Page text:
These effects produce a profound increase in the efficiency of Anthony’s supporting cast when he is on the floor. In the 135 games that he played with the Nuggets, for instance, Allen Iverson’s True Shooting Percentage was 55.9 percent – much better than the 51.2 TS% that Iverson, a notoriously inefficient shooter, posted outside of Denver over the course of his career.

In fact, this is true of almost every Nugget who has played a sufficient number of minutes with Anthony. I identified 16 players who have accumulated least 2,000 minutes with the Nuggets in years when Anthony was on the team, and have also played at least 2,000 minutes in the N.B.A. without Anthony (either because they were playing for a different team or because they were on the Nuggets before Anthony’s rookie season). All but 2 of the players – Marcus Camby and Voshon Lenard – posted a higher TS% playing with Anthony than without him, and on average, he improved his teammates’ TS% by 3.8 points (to 55.0 percent from 51.2 percent).

The effect of a player who improves the rest of his team’s TS% by 3.8 points is extremely substantial: it is works out to their scoring about 5 or 5.5 additional points per game solely on the basis of this efficiency gain. That, in turn, translates into about 15 additional wins per season for an average team, according to a commonly-used formula. This is how Anthony creates most of his value — not in the shots he takes himself, but in the ones he creates for his teammates – and some of the “advanced” formulas completely miss it.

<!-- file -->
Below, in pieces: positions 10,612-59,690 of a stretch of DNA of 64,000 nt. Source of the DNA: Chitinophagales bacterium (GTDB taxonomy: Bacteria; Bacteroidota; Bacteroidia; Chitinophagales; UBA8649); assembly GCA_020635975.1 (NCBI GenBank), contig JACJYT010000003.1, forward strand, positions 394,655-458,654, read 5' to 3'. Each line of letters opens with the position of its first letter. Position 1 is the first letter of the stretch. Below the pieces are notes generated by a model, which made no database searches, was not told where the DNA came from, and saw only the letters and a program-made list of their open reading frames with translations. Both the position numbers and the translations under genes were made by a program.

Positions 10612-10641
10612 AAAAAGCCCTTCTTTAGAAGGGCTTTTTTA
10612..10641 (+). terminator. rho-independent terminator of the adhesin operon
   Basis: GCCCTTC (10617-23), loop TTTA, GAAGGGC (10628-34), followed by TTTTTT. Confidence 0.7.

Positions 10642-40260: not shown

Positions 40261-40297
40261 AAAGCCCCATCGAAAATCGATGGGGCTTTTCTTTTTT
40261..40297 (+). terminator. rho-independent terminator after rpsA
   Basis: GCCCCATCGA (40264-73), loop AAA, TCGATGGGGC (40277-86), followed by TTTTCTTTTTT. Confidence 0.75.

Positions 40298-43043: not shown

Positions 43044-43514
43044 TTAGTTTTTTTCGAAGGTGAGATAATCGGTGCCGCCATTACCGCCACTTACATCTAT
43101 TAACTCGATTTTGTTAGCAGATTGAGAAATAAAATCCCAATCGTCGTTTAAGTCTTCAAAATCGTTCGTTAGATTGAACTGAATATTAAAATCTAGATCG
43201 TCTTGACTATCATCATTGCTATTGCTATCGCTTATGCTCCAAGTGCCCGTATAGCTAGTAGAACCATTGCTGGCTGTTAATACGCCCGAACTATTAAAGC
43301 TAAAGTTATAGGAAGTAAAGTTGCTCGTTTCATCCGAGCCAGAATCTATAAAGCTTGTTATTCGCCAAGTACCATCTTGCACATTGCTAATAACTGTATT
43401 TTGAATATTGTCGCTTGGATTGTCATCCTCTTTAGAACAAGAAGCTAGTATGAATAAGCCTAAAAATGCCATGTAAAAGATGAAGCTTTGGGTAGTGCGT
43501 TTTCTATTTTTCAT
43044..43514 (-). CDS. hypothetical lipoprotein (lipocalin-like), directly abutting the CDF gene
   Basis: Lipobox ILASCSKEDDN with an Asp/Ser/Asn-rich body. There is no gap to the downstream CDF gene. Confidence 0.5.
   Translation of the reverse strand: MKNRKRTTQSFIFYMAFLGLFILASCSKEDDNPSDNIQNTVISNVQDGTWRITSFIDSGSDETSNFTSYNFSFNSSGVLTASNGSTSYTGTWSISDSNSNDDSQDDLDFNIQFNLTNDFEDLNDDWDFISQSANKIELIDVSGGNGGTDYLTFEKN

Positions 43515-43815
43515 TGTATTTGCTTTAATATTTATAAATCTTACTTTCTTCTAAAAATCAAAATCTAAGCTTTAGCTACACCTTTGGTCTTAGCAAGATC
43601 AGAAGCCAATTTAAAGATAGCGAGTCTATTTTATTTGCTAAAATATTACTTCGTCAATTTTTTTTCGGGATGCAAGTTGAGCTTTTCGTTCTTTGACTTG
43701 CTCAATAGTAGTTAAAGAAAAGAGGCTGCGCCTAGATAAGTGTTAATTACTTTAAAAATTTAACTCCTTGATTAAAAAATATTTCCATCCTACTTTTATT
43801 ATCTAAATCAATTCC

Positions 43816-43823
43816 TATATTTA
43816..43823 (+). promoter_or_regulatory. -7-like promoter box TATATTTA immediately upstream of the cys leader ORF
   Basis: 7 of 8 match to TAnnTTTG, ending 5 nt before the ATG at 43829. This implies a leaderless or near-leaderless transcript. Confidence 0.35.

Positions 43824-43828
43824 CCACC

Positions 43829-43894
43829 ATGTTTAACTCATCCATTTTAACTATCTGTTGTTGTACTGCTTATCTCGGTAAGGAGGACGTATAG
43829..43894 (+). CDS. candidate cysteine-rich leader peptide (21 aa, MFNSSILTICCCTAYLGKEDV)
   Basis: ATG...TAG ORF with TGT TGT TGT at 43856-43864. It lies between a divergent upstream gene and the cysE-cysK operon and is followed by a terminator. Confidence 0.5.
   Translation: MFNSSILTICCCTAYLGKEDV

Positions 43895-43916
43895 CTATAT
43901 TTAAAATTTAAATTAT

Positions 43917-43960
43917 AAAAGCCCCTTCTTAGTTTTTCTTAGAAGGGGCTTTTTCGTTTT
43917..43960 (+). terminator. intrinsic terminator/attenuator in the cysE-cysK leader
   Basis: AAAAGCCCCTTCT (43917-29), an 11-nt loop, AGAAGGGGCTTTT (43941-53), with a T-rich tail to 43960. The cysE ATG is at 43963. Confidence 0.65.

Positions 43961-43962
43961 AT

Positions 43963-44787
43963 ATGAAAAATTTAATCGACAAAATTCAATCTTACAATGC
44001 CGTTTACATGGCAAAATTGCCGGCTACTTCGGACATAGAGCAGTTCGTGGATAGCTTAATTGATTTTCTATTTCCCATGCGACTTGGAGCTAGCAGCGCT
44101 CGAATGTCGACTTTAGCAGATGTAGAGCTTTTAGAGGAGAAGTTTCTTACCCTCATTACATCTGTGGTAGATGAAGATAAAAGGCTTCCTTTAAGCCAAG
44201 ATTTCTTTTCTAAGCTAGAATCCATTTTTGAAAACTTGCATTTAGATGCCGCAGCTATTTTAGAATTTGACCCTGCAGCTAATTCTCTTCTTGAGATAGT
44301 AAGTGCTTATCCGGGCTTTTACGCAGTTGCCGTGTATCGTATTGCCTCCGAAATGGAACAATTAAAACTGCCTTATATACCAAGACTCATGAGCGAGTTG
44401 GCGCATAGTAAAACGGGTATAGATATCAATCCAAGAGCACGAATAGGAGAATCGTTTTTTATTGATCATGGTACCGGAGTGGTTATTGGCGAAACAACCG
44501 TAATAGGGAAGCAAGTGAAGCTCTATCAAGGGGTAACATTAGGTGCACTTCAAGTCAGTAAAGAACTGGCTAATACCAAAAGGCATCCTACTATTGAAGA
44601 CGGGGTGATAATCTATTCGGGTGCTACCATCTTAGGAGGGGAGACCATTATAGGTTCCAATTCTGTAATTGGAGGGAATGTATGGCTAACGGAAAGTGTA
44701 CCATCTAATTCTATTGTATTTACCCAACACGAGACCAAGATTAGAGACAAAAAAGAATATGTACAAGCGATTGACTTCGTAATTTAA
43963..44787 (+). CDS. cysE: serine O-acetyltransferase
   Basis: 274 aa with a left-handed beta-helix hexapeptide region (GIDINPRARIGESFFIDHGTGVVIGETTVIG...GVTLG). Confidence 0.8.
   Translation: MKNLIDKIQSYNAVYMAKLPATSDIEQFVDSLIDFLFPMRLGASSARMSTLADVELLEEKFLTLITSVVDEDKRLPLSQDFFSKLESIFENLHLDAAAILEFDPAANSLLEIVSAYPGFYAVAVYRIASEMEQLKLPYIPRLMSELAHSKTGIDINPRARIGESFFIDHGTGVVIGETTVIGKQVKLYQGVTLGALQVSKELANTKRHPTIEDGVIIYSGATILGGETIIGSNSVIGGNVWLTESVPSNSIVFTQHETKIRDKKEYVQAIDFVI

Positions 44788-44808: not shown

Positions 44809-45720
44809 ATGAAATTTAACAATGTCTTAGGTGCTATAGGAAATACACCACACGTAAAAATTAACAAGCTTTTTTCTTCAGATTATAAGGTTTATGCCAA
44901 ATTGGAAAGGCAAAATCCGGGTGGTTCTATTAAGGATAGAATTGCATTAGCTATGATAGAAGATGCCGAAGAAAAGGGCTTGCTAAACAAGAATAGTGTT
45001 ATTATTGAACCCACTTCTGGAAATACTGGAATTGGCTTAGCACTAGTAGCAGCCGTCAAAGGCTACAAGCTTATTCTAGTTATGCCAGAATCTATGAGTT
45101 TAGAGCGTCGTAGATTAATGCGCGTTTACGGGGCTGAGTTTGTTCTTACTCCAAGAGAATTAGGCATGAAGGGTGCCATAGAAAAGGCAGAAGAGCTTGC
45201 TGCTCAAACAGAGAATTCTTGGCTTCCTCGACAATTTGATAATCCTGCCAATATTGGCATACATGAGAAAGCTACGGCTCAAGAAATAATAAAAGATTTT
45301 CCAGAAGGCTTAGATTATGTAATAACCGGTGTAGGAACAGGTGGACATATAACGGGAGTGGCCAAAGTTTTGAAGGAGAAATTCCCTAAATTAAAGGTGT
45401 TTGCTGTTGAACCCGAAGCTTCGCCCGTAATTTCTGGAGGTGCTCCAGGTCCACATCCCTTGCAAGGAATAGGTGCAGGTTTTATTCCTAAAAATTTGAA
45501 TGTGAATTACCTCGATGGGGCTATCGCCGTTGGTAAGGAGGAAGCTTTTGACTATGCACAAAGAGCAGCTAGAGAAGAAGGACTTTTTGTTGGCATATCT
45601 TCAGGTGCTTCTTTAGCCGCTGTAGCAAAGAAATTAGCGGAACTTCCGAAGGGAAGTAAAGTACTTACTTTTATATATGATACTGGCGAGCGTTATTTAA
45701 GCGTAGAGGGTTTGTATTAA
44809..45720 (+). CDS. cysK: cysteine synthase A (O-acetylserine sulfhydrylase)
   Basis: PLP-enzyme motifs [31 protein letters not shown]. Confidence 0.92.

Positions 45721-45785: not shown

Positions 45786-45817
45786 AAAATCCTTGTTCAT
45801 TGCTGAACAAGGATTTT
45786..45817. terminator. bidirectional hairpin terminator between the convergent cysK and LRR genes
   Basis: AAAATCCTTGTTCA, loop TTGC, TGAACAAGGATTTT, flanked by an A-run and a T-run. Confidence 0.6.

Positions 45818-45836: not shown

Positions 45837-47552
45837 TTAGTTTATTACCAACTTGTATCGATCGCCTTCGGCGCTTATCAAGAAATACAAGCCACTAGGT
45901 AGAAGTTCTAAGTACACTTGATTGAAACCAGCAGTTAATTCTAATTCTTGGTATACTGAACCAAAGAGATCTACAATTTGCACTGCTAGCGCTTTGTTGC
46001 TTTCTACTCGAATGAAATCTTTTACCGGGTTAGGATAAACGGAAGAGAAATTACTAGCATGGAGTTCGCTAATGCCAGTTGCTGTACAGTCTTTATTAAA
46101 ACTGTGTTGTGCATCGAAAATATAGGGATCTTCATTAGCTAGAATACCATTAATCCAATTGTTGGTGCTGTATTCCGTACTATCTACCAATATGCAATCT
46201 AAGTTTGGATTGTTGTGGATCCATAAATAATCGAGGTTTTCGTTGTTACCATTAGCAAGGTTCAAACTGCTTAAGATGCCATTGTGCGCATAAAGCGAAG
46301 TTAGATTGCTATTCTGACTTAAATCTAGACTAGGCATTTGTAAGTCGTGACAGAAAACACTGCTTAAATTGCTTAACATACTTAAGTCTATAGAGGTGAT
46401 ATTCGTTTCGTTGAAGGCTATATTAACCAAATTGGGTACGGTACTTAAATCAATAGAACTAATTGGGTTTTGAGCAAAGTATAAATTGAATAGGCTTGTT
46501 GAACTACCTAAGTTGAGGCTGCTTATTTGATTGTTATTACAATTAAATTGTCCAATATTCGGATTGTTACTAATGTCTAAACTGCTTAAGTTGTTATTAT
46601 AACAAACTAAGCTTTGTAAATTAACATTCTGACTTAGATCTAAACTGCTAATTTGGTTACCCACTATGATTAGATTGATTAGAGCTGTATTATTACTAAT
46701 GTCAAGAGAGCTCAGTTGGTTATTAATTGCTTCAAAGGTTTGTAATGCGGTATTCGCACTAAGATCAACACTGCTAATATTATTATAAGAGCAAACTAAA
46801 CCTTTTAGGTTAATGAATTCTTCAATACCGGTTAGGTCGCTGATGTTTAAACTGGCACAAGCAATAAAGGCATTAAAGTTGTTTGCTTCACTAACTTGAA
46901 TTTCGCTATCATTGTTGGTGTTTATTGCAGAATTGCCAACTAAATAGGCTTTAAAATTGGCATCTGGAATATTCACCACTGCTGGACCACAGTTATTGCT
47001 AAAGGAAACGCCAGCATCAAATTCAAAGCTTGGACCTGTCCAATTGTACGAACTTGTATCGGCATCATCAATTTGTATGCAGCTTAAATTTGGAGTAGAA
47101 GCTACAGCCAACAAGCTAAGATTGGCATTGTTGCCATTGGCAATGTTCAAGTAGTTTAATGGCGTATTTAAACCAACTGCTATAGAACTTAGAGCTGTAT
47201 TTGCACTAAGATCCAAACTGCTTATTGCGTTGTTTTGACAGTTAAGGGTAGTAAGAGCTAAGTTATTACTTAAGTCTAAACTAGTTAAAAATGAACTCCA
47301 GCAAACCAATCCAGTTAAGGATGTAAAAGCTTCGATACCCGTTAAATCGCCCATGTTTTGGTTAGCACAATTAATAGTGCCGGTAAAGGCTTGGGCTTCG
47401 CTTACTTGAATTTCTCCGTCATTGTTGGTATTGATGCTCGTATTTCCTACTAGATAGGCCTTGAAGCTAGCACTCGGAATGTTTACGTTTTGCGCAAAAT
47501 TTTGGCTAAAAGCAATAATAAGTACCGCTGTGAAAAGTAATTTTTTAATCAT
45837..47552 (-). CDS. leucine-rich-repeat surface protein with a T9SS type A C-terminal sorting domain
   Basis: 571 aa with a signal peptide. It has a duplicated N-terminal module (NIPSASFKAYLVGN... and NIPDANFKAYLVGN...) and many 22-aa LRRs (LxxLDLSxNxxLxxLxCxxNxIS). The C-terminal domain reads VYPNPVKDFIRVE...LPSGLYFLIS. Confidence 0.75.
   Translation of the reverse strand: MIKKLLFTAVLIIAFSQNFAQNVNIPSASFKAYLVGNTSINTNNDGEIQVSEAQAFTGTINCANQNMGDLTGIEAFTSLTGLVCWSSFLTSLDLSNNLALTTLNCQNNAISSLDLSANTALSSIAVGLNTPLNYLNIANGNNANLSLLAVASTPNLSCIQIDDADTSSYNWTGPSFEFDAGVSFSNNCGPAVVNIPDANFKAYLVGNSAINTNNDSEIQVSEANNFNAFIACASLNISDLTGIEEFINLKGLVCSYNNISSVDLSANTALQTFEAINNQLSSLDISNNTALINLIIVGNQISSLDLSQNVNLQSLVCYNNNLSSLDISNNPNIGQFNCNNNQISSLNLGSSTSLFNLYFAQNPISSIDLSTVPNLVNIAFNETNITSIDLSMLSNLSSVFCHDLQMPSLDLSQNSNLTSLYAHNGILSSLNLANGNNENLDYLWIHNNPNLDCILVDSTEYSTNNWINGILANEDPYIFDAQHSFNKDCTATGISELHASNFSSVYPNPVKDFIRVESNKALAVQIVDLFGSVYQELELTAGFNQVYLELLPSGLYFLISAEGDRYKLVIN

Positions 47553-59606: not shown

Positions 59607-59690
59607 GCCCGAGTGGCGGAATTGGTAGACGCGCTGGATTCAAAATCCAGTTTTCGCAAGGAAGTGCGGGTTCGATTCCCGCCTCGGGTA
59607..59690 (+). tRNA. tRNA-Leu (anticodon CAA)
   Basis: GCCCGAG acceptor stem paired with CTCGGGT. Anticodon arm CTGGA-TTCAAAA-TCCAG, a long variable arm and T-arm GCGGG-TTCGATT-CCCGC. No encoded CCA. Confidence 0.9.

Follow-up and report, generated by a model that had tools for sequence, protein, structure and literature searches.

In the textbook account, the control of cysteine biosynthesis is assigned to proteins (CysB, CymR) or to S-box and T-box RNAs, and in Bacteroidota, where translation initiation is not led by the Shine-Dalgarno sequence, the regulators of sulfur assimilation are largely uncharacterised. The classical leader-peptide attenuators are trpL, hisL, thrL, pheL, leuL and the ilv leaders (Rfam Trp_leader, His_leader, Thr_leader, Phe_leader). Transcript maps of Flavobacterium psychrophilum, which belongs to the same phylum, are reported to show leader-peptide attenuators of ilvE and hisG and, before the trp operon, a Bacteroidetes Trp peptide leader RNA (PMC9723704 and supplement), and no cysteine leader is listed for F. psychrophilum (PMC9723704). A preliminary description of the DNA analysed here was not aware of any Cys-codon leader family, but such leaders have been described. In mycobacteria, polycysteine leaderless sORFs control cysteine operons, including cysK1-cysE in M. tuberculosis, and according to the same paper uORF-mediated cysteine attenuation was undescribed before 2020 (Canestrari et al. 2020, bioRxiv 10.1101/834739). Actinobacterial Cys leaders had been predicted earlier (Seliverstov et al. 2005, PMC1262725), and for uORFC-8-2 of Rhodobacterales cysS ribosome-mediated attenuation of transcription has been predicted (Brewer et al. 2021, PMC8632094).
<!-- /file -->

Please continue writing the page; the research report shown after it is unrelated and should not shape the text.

With that said, there is reason to question whether Anthony would have quite the same effect in New York that he did in Denver. With a few exceptions like Iverson, the Nuggets have generally surrounded Anthony with defensively-minded players like Camby who are not especially eager to shoot or who do not do so especially well. The Knicks, by contrast, are a run-and-gun team with lots of good shooters and they already rank fifth in the league in offensive efficiency.

There are some precedents for pairing several high-volume scorers together and seeing them thrive: when Kevin Garnett and Ray Allen joined Paul Pierce on the Celtics, for instance, all three players took fewer shots, but all three were rewarded with a significant increase in their TS%. On the other hand, Dwyane Wade, LeBron James and Chris Bosh have not seen an increase in their efficiency since joining together on the Miami Heat, even though they are shooting a bit less often.

So there are no guarantees – one would need to consider more carefully exactly how Anthony would integrate into Mike D’Antoni’s offense and exactly which type of shots he’d take. One would also need to think about Anthony’s defense and rebounding, where he is no standout. But upon a more careful examination, the argument that Anthony is a merely average offensive player turns out to be superficial.

Nate Silver is the founder and editor in chief of FiveThirtyEight.